to 15, four, etc. Simply said, the biggest number that can be represented
by a binary digit is the one obtained when basis 2 is graded onto a number
of binary digits in a binary number and thus obtained number is
decremented by one.
This means that it is possible to represent
decimal numbers from 0 to 15 with 4 binary digits, including numbers '0'
and '15', or 16 different values.
Addition is done so that digits in the same
numerical positions are added, similar to the decimal numerical system. If
both digits being added are zero, their sum remains zero, and if they are
'0' and '1', result is '1'. The sum of two ones gives two, in binary
representation it will be a zero, but with transferring '1' to a higher
position that is added to digits from that
position.
We can check whether result is correct by
transferring these number to decimal numerical system and by performing
addition in it. With a transfer we get a value 10 as the first number,
value 9 as the second, and value 19 as the sum. Thus we have proven that
operation was done correctly. Trouble comes when sum is greater than what
can be represented by a binary number with a given number of binary
digits. Different solutions can be applied then, one of which is expanding
the number of binary digits in the sum as in the previous
example.
By checking the result as we did with addition, when we translate these binary numbers we get decimal numbers 10 and 9. Their difference corresponds to number 1 which is what we get in subtraction. B.3 Hexadecimal numerical system Hexadecimal numerical system has a number 16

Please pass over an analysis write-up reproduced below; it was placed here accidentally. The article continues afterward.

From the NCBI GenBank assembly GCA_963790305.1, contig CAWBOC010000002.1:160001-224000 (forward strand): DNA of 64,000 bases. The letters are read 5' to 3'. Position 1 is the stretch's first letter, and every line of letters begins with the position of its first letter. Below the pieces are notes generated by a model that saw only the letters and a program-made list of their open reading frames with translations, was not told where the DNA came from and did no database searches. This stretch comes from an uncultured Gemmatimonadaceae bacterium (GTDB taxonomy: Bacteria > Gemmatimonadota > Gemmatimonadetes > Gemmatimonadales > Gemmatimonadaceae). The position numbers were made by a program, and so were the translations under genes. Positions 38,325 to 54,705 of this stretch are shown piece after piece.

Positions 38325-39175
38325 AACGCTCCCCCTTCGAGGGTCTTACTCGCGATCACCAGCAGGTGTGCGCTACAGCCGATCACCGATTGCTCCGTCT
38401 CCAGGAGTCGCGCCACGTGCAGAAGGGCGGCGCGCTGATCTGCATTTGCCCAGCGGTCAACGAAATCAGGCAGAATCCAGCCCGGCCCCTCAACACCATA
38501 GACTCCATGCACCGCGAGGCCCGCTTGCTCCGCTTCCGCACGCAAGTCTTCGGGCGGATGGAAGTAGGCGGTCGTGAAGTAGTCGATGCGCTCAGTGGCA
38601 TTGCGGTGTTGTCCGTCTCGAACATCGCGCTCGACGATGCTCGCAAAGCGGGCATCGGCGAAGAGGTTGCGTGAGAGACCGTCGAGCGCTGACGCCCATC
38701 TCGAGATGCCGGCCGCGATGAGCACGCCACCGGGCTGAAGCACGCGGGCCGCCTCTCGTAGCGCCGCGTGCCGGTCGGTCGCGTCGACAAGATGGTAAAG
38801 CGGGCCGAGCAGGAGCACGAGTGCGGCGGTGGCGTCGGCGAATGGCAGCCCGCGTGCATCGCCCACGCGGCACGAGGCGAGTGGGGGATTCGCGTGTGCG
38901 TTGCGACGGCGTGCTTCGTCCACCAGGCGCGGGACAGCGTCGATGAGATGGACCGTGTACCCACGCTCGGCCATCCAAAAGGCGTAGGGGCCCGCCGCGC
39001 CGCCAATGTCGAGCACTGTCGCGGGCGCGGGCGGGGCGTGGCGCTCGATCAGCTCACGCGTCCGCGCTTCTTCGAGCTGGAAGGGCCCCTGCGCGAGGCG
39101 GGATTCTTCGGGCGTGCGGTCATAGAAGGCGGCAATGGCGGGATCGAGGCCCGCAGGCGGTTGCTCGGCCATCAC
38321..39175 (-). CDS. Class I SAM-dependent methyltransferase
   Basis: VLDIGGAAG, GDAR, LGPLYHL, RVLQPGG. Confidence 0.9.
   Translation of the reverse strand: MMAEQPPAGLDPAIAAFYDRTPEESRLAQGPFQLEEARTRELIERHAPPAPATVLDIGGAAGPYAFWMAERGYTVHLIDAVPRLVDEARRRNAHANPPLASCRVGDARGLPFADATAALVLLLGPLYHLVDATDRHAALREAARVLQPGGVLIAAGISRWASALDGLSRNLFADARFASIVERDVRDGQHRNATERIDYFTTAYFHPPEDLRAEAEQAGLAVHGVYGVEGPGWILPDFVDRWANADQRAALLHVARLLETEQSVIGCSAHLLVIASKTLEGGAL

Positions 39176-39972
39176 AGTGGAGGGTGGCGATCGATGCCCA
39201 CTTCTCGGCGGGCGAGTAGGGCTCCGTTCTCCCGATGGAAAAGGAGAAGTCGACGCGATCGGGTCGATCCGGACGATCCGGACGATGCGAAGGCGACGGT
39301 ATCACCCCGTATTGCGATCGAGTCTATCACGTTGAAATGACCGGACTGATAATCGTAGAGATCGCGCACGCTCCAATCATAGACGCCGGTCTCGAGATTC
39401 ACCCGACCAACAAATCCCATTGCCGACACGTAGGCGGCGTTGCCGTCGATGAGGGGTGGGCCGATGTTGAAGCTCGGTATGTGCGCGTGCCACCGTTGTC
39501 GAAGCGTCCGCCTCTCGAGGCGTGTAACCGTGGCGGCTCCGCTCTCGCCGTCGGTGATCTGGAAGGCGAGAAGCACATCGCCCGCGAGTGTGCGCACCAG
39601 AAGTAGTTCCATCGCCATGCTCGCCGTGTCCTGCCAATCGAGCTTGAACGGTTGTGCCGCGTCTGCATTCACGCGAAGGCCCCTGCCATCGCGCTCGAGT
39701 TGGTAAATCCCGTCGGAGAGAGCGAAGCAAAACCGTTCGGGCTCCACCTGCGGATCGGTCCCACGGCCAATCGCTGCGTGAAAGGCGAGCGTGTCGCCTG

as its basis. Since the basis of a numerical system is 16, there are 16
different digits that can be found in a hexadecimal number. Those digits
are "0, 1, 2, 3, 4, 5, 6, 7, 8, 9, A, B, C, D, E, F". Letters A, B, C, D,
E and F are nothing but values 10, 11, 12, 13, 14 and 15. They are
introduced as a replacement to make writing easier. As with a binary
system, here too, we can determine with same formula what is the biggest
decimal number we can represent with a specific number of hexadecimal
digits.
Usually, hexadecimal number is written with a
prefix "$" or "0x" ,or suffix"h" , to emphasize the numerical system.
Thus, number A37E would be written more correctly as $A37E, 0xA37E, or
A37Eh. In order to translate a hexadecimal number into a binary numerical
system it is not necessary to perform any calculation but simple exchange
of hexadecimal digits with binary digits. Since the maximum value of a
hexadecimal number is 15, that means that it is enough to use 4 binary
digits for one hexadecimal digit.
By checking, that is transferring both
numbers into decimal numerical system, we get a number 228 which proves
the accuracy of our action.
Addition is, like in two preceding examples,
performed in a similar manner.
We need to add corresponding number digits.
If their sum is equal 16, write 0 and transfer one to the next higher
place. If their sum is greater than 16, write value above and transfer 1
to the next higher digit.Eg. if sum is 19 (19=16+3) write 3 and transfer 1
to the next higher place. By checking, we get 14891 as the first number,
and second is 43457. Their sum is 58348, which is a number $E3EC when it
is transferred into a decimal numerical system. Subtraction is an
identical process to those in previous two numerical systems. If the
number we are subtracting is smaller, we borrow from the next place
of higher value.
By checking this result, we get values 11590 for the first number and 5970 for the second, where their difference is 5620, which corresponds to a number $15F4 after a transfer into a decimal numerical system. Conclusion Binary numerical system is still the one that is most in use, decimal the one that's easiest to understand, and a hexadecimal is somewhere between those two systems. It's easy conversion to a binary numerical system and easy memorization make it, along with binary and decimal systems, one of the most important numerical systems.